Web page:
After the lunch break, these vulnerable feelings continued as we listened to personal stories of those affected by genetic disorders, either individually or through someone they know. These fostered more tears listening to people who have suffered the same extent, if not more than I have in living with LDS. While each story varied depending on life experiences, each person seemed to have face similar “hurdles” which include: hardships with the Canadian medical system, coming to terms with their diagnosis, the fear of pre- and post-surgery, the guilt of passing their genetic condition down to their children, and facing everyday life with the knowledge of having LDS. As the day winded down, I began to understand the importance of storytelling and connectivity especially in a community like this and felt that the conference ended perfectly through an intimate music therapy session. By 4:00pm, I felt that everything I experienced at this conference was necessary in my personal journey of acceptance.
After the Event
After returning to Ontario, I was inspired to move past any negative feelings of LDS that I strongly felt during my year off. From April 2022 to June 2023, I was stuck in a slump, feeling bad about myself, my body, and my general existence. I wrote down everything that was bothering me in a letter and decided to burn it, ending my year of grieving/loss. The next day, I wrote down a new list filled with realistic goals I set to accomplish (i.e., personal milestones, career change, ignite my love for writing again) as I work with the LDSFC Foundation to enrich the LDS patient experience. Truthfully speaking, if I hadn’t attended this conference, my negative feelings regarding LDS would have taken over my life. That might be drastic to say, but I truly felt like I was going down a rabbit hole of sadness and depression. Now, I can say that this conference has changed my life for the better, setting me forth on a new path.
Benefits of Attending for LDS Patients
For anyone interested in attending, or currently finding themselves hesitant to attend an event like this , here are some added benefits to persuade you:
- Sense of Comfort/Community in relating to people who have similar experiences as you
- Informative/knowledgeable building upon previous knowledge of LDS
- Healing Process (especially if you find yourself feeling stuck in a negative mindset)
- Guaranteed face-to-face interaction with medical professionals (skips the added hassle of a doctor’s appointment or yearly waitlist to speak with them)
- Networking opportunities with medical specialists outside your specified area (you never know if you’ll move in the future, where your career will take you, etc.)
- Feelings of being supported, acknowledged, and visible as an LDS patient are a definitive plus
Ultimately, I hope you learn from my experience, put yourself out there, and realize that there is a community for people like us. All you have to do is take the first step towards resiliency.”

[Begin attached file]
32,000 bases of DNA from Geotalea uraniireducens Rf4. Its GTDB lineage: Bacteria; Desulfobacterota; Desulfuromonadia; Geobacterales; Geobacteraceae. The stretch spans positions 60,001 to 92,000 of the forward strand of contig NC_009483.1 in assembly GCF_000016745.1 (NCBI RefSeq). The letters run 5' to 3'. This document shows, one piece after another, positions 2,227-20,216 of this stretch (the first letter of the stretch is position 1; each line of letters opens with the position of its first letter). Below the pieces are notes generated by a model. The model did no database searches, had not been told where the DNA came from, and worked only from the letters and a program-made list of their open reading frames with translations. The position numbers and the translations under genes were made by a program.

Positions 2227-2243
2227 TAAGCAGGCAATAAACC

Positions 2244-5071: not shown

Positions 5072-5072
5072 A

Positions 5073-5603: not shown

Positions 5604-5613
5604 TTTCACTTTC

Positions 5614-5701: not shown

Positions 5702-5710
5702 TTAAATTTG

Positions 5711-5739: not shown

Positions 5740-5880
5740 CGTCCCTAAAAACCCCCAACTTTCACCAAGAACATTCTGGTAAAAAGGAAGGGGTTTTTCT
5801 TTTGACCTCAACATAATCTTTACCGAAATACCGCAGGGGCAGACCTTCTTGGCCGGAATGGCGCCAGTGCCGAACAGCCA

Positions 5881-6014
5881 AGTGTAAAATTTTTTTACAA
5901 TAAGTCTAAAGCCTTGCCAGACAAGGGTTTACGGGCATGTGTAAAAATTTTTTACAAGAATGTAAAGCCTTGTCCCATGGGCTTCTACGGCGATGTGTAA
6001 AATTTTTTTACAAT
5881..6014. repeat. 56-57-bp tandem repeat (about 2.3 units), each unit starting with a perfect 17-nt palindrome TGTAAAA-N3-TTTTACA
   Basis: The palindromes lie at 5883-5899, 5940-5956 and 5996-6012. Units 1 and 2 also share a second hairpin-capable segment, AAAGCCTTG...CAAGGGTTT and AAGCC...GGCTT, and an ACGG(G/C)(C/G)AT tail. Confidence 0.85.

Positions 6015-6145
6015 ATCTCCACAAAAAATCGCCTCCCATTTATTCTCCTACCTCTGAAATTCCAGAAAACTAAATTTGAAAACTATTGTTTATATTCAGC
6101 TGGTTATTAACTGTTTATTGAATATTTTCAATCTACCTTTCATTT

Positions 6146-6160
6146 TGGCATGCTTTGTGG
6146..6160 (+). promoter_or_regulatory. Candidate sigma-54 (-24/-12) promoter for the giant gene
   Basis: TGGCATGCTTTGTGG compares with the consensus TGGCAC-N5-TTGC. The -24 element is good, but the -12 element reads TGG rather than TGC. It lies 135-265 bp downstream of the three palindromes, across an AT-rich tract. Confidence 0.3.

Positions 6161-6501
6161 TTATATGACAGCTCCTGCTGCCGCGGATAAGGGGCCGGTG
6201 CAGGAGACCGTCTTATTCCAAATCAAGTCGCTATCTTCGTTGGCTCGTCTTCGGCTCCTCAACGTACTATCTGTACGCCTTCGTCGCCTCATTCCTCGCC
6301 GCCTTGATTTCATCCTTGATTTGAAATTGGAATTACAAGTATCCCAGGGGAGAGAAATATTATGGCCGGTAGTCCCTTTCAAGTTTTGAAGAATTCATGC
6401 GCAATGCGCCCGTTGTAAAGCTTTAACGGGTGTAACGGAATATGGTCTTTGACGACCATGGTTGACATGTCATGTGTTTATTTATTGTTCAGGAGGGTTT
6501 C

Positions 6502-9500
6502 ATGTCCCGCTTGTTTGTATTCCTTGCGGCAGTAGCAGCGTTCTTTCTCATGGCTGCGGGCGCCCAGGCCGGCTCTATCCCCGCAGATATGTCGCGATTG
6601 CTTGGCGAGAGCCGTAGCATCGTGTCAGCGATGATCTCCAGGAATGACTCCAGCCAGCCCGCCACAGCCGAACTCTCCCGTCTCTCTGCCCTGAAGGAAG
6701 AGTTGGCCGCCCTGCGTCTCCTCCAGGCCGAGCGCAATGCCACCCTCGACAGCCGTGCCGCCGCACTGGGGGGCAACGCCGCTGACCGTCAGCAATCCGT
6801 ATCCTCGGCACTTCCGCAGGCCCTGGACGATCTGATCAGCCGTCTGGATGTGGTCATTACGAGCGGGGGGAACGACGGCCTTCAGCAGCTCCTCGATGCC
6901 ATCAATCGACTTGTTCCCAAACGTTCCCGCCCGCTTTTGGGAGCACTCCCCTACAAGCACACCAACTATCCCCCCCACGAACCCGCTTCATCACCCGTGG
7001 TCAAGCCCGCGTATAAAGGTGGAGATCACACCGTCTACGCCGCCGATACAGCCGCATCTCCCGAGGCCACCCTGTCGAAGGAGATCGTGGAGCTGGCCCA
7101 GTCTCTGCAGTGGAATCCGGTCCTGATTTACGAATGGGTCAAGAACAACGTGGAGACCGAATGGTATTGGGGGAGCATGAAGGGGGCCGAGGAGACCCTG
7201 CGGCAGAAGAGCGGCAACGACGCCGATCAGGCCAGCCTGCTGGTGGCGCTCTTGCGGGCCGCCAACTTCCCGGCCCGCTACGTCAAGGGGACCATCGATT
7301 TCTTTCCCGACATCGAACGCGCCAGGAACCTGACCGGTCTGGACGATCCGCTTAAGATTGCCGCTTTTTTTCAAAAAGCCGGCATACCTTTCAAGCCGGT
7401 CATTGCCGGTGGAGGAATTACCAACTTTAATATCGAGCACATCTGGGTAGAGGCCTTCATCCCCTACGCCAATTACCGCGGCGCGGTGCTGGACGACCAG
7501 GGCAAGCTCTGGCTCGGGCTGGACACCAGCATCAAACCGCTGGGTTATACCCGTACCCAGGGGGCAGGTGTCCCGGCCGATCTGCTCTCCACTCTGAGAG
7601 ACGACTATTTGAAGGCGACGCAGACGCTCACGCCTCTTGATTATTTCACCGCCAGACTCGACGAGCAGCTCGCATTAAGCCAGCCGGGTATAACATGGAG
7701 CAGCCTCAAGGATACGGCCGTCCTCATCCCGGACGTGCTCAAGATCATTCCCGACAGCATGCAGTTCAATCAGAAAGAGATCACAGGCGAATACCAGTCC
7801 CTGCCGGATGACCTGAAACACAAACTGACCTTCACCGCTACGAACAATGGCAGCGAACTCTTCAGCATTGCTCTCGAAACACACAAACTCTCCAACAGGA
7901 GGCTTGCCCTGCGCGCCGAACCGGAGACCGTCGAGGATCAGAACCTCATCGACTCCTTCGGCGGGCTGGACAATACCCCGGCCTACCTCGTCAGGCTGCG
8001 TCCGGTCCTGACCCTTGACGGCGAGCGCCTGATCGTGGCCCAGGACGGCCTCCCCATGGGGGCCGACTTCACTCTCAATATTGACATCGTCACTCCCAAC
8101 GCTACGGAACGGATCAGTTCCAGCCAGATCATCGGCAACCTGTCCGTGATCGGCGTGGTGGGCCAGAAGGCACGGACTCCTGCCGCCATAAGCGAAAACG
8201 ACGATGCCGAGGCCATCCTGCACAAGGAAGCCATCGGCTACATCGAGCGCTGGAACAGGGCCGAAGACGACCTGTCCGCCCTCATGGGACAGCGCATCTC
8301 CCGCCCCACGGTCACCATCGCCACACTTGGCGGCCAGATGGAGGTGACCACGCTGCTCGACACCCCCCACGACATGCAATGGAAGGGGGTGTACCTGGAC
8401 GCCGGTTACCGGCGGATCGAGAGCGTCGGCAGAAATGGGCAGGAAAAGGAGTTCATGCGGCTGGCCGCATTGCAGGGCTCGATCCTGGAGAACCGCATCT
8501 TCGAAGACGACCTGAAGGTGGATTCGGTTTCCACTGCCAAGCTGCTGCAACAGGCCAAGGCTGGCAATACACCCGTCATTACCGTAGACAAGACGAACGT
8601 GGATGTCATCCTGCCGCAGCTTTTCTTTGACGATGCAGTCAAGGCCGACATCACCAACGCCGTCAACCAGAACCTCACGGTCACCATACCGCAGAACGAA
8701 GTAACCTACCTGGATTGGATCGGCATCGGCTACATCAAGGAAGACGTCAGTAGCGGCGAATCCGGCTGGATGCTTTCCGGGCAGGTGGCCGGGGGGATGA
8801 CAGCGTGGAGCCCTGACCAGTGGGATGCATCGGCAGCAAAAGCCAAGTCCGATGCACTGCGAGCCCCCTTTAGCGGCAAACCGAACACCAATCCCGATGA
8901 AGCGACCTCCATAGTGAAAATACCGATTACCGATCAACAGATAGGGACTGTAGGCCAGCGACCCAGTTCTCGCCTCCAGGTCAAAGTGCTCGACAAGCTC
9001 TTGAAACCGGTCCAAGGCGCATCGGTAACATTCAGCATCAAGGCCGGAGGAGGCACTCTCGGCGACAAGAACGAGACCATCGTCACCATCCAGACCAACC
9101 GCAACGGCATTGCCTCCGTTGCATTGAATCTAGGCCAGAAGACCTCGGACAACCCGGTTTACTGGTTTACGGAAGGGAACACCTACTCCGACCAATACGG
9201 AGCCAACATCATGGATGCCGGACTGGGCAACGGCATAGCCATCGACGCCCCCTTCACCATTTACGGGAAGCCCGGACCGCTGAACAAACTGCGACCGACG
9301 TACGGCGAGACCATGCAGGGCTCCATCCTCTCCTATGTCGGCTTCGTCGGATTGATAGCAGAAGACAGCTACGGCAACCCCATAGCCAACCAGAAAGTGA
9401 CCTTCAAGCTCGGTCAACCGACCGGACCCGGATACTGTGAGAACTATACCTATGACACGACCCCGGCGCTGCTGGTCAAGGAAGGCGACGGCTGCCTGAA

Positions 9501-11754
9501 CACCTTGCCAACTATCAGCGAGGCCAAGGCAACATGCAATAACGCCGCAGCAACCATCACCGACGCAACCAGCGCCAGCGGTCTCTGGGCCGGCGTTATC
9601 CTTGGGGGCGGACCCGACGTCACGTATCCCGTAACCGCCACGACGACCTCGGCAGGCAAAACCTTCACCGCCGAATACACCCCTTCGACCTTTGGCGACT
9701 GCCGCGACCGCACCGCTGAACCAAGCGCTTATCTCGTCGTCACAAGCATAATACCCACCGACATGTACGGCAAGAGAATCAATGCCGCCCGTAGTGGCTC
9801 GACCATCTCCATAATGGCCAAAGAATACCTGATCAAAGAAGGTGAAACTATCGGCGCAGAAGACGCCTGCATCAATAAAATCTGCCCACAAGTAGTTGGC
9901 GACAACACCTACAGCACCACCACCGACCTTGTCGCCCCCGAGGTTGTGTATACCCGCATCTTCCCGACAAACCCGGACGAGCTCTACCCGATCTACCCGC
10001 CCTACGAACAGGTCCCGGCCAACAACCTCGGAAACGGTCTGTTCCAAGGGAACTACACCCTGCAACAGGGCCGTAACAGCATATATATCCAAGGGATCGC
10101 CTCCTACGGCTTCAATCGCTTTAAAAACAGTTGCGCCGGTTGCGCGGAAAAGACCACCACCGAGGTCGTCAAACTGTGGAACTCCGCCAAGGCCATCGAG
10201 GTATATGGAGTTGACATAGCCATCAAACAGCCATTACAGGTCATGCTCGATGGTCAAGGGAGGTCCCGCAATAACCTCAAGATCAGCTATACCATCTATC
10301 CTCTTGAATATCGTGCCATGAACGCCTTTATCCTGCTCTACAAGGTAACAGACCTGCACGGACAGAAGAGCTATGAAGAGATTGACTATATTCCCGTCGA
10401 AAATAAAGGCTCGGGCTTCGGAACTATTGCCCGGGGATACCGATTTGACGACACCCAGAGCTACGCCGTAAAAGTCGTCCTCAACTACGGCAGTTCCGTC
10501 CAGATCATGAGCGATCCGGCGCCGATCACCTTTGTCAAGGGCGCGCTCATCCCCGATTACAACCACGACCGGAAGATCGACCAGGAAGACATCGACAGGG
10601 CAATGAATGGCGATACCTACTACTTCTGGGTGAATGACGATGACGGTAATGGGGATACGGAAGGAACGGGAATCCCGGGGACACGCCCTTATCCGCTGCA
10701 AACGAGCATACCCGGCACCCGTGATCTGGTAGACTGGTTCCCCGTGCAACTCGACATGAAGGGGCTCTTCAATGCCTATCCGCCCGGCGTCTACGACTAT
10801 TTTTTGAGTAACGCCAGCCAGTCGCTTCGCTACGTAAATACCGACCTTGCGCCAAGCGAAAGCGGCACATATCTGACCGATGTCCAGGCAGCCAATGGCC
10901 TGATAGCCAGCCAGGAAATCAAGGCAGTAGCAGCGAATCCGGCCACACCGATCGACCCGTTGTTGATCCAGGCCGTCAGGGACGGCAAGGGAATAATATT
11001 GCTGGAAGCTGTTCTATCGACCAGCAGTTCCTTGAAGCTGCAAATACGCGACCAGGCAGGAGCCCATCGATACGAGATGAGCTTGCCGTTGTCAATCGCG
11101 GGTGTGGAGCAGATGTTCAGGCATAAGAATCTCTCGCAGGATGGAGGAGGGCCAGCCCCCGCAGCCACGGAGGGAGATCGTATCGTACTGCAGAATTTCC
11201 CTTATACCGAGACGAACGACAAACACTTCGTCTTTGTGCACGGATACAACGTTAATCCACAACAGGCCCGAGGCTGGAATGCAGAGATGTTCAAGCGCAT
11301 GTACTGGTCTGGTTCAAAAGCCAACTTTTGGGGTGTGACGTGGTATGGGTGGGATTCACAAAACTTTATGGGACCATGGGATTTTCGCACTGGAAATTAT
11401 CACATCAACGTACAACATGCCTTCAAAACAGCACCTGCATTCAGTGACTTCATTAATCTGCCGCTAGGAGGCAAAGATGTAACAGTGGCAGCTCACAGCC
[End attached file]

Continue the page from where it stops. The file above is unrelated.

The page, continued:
“I had the wonderful opportunity to attend this year’s highly anticipated Heritable Aortic Disorders (HAD) Symposium held in Halifax, Nova Scotia. Going alongside the Loeys-Dietz Syndrome Foundation Canada and as an incoming genetic counselling student, this event was truly eye-opening. The HAD Symposium brought together a diverse group of individuals, all driven by a shared passion for advocating on behalf of those affected by heritable aortic disorders. Together, we engaged in deeply meaningful discussions aimed at enhancing the lives of those impacted by these conditions. The sessions and workshops offered profound insights into the challenges faced by patients, caregivers, and healthcare professionals. I was truly captivated by the remarkable stories of resilience and determination that were presented. The symposium also showcased advancements in medicine, research, and supporting resources, fostering ground-breaking ideas. In all, the HAD Symposium provided a space with collective display of strength and unity. This experience has inspired me to continue being an active participant in supporting the rare disease community and contribute to the ongoing efforts towards better understanding, support, and breakthroughs throughout my genetic counselling career.
Additionally, the event highlighted the significant number of undiagnosed individuals with aortic disorders, underscoring the challenges within our healthcare system. It became evident that there is still much room for improvement in terms of early detection, accessibility to genetic testing and accurate diagnosis, accessibility to treatment options, and holistic support. These realities serve as a call to action, igniting a collective determination to advocate for improved healthcare resources, increased research funding, and enhanced collaboration among healthcare professionals, researchers, and patient communities from all around the nation. Every individual affected by rare disease should receive the care, support, and answers they so rightfully deserve.”
The Heritable Aortic Disorders Symposium in Halifax, Nova Scotia, was more than just an assembly of medical minds and patient experiences; it was a convergence of hope, resilience, and a shared commitment to progress.
Our heartfelt gratitude goes out to all the attendees who graced the Heritable Aortic Disorders Symposium 2023 with their presence, enriching the event with their unique perspectives and unwavering commitment to knowledge exchange and community building.